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Farmers must call off chakka jam in the national interest

February 05, 2021 08:07 IST
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The government and the farmers must come back to the negotiating table with only the interest of the country in mind, suggests Vivek Gumaste.

IMAGE: Farmers protest against the farm laws at the Delhi-Ghazipur border, February 2, 2021. Photograph: Shrikant Singh/ANI Photo

The farmers protest is a national calamity, a Shakespearian tragedy of gargantuan magnitude wherein a well-intentioned government finds itself inadvertently pitted against an army of simple-minded farmers who rightly or wrongly believe that their interests are being jeopardised by the three farm laws passed by the Modi government in September.

This confrontation has been vitiated to some degree by a complex set of duplicitous dynamics orchestrated by marginalised vested interests who see in this an opportunity to further their own anti-government agenda.

With the shocking events of January 26, the hitherto peaceful protest has taken an ominous turn with the potential to snowball into something far bigger, far different and far more serious than what its leaders had imagined.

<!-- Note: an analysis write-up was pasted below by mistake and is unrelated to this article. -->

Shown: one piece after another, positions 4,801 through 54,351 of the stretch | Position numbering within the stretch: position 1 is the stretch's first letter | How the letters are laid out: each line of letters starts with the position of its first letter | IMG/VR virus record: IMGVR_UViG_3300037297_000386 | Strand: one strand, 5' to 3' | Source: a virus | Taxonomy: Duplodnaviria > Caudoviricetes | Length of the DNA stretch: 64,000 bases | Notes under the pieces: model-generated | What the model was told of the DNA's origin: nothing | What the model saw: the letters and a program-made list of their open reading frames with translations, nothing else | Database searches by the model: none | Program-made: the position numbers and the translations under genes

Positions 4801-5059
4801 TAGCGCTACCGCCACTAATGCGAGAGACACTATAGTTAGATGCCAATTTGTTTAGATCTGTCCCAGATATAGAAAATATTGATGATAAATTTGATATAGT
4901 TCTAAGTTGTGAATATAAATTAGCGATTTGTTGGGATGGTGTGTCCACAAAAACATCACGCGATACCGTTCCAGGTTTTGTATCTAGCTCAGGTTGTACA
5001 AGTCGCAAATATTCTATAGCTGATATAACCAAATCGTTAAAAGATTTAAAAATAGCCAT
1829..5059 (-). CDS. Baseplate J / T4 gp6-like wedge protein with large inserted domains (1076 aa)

On January 26, at least momentarily, vandalism took centre-stage and unruly elements seized the initiative to script a frightful narrative that saw the hallowed symbol of our national independence being desecrated.

As the situation stands now there are no winners in sight. If no solution is reached, the government, the farmers and the nation as a whole stand to lose.

We are at a dangerous and critical crossroad and it is imperative that we salvage the situation. Both the government and the farmers must take a step back, do some serious introspection and come back to the negotiating table with only the interest of the country in mind.

For that to happen, a lucid analysis of the events so far is vital.

The label 'protest' by itself does not sanctify an opposing view or make it right. To be valid, a protest must be grounded in facts and logic, driven by good intentions and conform to the principle of non-violence.

There is near unanimity among experts that the agricultural sector in India is in need of dire reform and most people in the know do agree that the changes incorporated in the farm laws will have a salutary effect on farmers.

The farmers, however, are not convinced and appear to have genuine concerns about the impact of these reforms. Therefore, the government is duty bound to allay their apprehension.